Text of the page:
The History of Fine Dining

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The History of Fine Dining: Haute, Nouvelle, & Fusion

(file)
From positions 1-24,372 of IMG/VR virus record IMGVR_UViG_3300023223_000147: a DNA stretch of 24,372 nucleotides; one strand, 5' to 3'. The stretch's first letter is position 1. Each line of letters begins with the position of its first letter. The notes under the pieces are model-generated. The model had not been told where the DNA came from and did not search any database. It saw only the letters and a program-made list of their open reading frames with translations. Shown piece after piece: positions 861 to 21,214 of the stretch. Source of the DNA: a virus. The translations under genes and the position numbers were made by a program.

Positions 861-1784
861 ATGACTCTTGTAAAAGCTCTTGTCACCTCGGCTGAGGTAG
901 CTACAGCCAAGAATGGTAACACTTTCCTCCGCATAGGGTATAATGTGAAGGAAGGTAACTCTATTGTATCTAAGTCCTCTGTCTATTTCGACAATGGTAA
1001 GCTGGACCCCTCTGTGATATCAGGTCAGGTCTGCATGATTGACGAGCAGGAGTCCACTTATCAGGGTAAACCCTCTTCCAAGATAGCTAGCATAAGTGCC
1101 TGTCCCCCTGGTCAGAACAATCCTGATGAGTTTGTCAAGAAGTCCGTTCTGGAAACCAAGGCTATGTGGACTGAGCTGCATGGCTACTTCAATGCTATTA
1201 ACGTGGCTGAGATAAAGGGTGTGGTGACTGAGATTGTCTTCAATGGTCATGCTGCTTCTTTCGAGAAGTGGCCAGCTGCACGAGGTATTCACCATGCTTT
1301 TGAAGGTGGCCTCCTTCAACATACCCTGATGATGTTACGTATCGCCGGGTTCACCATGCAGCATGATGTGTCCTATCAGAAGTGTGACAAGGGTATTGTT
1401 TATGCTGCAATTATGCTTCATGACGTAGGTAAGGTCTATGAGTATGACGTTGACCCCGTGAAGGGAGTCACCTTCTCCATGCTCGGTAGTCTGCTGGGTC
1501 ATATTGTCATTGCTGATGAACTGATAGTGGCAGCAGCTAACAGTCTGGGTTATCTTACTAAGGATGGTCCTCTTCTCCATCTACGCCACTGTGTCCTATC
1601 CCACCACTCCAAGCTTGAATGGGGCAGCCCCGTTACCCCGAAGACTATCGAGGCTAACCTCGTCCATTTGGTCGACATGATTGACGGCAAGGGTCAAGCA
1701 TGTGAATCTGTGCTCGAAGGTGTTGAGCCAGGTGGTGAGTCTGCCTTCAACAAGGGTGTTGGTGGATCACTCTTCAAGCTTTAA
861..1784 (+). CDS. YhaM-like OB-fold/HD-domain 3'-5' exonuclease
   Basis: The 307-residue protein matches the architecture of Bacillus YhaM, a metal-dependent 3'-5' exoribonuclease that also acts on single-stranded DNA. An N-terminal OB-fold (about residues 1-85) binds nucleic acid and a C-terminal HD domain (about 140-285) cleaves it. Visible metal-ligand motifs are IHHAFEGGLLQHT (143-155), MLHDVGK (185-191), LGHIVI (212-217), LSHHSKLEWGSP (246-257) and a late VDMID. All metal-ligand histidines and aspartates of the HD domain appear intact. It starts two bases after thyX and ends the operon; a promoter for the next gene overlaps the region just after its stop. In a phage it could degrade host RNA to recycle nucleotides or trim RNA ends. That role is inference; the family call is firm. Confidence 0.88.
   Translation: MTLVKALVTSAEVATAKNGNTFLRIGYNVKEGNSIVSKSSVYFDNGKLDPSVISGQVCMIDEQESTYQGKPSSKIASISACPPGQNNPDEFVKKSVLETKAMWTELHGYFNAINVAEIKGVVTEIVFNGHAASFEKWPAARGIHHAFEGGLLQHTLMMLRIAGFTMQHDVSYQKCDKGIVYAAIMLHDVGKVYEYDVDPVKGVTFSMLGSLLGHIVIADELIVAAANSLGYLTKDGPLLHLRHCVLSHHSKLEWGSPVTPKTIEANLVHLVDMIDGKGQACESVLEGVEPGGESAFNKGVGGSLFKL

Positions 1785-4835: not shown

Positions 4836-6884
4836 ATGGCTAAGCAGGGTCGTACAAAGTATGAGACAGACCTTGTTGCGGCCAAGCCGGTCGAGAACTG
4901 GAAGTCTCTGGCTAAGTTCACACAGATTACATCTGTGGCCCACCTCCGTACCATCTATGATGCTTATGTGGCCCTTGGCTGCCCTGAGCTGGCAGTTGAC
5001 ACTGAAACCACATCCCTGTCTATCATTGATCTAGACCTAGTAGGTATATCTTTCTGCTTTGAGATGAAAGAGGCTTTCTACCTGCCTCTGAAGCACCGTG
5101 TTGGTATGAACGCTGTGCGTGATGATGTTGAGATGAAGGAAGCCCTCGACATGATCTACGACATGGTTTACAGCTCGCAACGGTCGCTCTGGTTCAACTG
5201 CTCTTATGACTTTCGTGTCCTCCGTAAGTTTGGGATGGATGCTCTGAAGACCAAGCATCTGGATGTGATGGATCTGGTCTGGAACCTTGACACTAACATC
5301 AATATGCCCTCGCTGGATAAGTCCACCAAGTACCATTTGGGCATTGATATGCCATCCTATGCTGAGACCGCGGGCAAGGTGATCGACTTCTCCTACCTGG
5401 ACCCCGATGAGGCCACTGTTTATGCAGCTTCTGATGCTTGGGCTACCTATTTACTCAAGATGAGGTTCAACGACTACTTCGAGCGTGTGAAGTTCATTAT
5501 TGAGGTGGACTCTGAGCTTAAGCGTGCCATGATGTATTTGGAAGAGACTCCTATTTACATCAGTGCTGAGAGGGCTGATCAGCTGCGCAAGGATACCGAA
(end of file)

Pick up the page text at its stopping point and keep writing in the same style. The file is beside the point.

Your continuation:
Escoffier and Eliminating the Unessential Although Carême was the undisputed star of the first half of the 19th century his influence was eclipsed by a brighter star in second half, Georges-Auguste Escoffier (1846-1935), whose influence still permeates almost every area of gourmet cooking. But there were still a few factors that were needed to set his stage. In 1869 Russian table service was introduced into France, under the influence of another great chef, Felix Urbain-Dubois, who introduced the concept that each guest and course should be served individually to maximize the taste experience. Prior to this innovation the French had been serving 3 courses. But the first contained all the hot dishes, which cooled; the second contained all the cold dishes, which warmed prematurely and the third was for desserts. Serving each dish individually optimized the temperature and textures at the moment of consumption. A second influence on Escoffier came from Prosper Montagné, another prestigious French chef. In contrast to Carême he believed that the unessential should be discarded. This novel concept, at first resisted, was completely embraced Escoffier, who became a zealot for dining reform. Without Escoffier, Montagné’s ideas might have languished as an eccentric off beat idea. However because of Escoffier’s prestige, it quickly became mainstream. Escoffier refined and modified all aspects of Dining. He accelerated service, shortened menus, and developed a kitchen team with clearly defined duties - chef, sous chef, meat, fish, appetizers and pastry cooks. He also named dishes after celebrities and wealthy patrons. For instance Peach Melba, was named after a famous actress of the day. This has become a well-established tradition. His innovations still dominate Dining. Born in 1846 and beginning his training at the age of 12, he continued working for 62 years, finally retiring at the age of 74. His term of active service was exceptionally lengthy even by French standards. He had achieved a worldwide reputation by the time he died in 1935. He has been called ‘the king of chefs and the chef of kings’. One of his clients Emperor William II said “I am the emperor of Germany but you are the emperor of chefs.” What were the circumstances of his rise to global fame? For the answer to this question we must introduce the most famous Maitre’d the world has ever known - for their partnership was the key to their international influence. Cesar Ritz, the ultimate Maitre’d Escoffier’s front man was Cesar Ritz (1850-1918), who was so influential during his day that his name has become synonymous with elegance and luxury. Ritzy, putting on the ritz, are just a few of the ways his name is used. Ritz became the Maitre’d hotel at the Hotel Splendide in Paris in the 1870s. During his term there he came in contact with the celebrated and the wealthy - including Cornelius Vanderbilt